"A lot of people don't realize that all the functionality they're exposing can be called individually," says Bryan Sullivan, senior research engineer at SPIdynamics. "When the whole process happens in a single call to the server, you're probably more secure than when you make each function publicly visible. Then a function can be called out of order or omitted."

    "When the API exposes data to the user, it should only expose what they need," Henrickson says. "It shouldn't be sending back everything about the message or doing a database call. You should check and make sure all the parameters are valid, trusting nothing."

    For example, Henrickson says, Zimbra's product translates all the data sent to the client into JavaScript object notation (JSON). That way the client can't see the internal structure of how the server part of the application stores data.

  • Dangers to legacy applications. Using Ajax to access existing server applications requires careful analysis. For example, a lot of Web applications put their authentication in the server's middleware. If the Ajax application bypasses the middleware to get direct access to the database, you've got a new vulnerability.

    Cornell cites the example of a Denim client who had an application where users were only supposed to be able to search their own region. This was properly enforced in the original application, he said, but then Ajax was added. "On Ajax they hadn't implemented their authorization tests," he says.

  • Ajax because we can. Ajax is a hot technology, and developers love hot. That can lead to people using it where it isn't really necessary.

    "Because these technologies are so new and so poorly understood, people and organizations are very focused on, 'How can we do this?'" says Cornell. "They're not asking, 'How can we do this properly, and is this something we should be doing?'"

Locking Up Security

Code testing becomes considerably more difficult under Ajax. The multiplicity of pieces and the potential for convoluted application logic make it much more important that the whole be carefully checked.

"Ajax applications are harder to test," says SPIdynamics' Sullivan, for reasons including the fact that they make so many calls to the server side. "Most testers use the product the same way the user does. They fire up their Web browser and use the application like a user, and if it crashes they report back."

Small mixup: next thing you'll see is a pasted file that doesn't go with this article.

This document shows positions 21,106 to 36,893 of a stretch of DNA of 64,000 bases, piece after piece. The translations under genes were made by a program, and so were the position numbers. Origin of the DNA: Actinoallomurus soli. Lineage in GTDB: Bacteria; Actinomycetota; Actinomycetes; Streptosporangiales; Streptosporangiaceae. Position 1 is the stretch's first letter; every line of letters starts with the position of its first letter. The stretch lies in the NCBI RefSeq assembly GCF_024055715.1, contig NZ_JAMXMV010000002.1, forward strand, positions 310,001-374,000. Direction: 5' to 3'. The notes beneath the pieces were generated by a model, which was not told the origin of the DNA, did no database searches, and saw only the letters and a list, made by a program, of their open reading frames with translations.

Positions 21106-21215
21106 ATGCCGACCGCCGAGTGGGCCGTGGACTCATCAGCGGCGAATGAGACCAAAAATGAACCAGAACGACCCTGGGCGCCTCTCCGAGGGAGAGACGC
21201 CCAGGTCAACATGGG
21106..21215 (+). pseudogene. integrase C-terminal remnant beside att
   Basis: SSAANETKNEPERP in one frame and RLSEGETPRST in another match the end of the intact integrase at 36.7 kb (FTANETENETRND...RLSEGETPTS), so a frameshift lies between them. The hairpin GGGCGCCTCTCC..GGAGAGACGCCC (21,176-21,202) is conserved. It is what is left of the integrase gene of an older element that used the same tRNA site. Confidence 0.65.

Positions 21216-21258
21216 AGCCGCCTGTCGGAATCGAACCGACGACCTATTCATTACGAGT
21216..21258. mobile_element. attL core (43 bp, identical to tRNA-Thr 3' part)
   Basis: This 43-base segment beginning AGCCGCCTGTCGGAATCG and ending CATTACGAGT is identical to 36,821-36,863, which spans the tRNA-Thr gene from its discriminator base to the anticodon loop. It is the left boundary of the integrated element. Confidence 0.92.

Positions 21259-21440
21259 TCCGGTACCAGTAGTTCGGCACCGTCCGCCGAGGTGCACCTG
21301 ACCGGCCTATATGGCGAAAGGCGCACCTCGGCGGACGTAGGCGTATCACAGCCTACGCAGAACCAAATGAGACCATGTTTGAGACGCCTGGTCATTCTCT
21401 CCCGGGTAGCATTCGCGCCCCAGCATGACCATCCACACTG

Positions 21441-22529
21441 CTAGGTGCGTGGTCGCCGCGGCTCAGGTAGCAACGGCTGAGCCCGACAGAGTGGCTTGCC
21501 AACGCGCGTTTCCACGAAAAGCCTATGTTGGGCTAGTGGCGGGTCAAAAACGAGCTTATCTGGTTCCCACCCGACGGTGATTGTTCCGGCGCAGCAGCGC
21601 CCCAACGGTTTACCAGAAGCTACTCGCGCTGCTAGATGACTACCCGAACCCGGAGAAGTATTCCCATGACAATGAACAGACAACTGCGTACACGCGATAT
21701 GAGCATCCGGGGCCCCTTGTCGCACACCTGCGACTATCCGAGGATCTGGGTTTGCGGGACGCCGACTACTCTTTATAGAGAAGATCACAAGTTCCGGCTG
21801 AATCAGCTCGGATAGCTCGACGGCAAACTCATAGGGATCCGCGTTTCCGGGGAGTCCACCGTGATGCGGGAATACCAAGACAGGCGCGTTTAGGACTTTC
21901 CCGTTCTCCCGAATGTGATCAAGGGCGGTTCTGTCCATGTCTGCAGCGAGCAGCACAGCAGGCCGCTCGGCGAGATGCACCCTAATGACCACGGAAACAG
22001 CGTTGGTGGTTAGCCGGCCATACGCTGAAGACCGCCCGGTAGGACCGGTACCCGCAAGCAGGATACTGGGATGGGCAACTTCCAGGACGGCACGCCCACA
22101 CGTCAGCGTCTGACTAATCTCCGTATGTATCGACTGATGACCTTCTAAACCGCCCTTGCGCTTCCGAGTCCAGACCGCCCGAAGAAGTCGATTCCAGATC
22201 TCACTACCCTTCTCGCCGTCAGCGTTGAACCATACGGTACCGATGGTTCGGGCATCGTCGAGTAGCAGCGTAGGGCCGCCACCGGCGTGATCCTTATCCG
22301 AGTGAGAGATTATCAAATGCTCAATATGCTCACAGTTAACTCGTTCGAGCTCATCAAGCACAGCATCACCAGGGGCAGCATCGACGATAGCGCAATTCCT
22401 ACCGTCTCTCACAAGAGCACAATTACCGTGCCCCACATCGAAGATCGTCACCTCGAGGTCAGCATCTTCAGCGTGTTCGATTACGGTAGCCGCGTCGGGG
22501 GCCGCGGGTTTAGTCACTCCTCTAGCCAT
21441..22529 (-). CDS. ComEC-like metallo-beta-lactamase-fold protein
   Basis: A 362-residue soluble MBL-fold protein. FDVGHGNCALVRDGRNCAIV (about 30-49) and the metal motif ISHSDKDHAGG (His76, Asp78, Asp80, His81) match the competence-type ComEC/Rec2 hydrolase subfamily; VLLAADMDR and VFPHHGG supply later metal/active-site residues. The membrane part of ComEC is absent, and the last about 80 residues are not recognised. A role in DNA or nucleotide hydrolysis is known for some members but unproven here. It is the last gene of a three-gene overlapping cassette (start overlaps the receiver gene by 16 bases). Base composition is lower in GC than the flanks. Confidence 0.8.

That's fine for usability testing, Sullivan says, but it doesn't always expose the vulnerabilities. "We need a mindset shift on the part of the quality-assurance tester. They have to test like hackers," he says.

Like any software technology, the recipe for secure Ajax starts with designing and building inherently secure applications. Testing is critical, but you can't test in security.

"You need to have a mandate from management that says security is a priority," Chess says. "If management sends that message and means it, the people responsible for development will figure out what they need, what tools they need, and make sure to do the vulnerability analysis."

All About Ajax

Technically, Ajax means Asynchronous JavaScript with XML. In practice the term describes more than that. "Ajax" actually refers to a style of Web application that uses a scripting language such as JavaScript to modify the browser's webpage on the fly, producing a more interactive experience on the Web. Not all Ajax applications use XML, or even JavaScript.

Ajax turns the client from being a glorified dumb terminal into a client computer that is actually executing part of the application. As a result, Ajax applications, such as the well-known Google Maps, routinely do tasks that would be difficult or impossible for a conventional Web application.

Architecturally, one of the main differences between Ajax and conventional Web applications is that Ajax puts a new client layer between the browser window and the server. This application layer, often completely hidden from the user, handles the interaction with the server.

This arrangement removes one of the security safeguards with conventional Web applications: The user can more or less follow what's going on from the browser screen. With Ajax, all kinds of activity can be going on beneath the surface without ever showing up on the user's screen.

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Copyright © 2007 IDG Communications, Inc.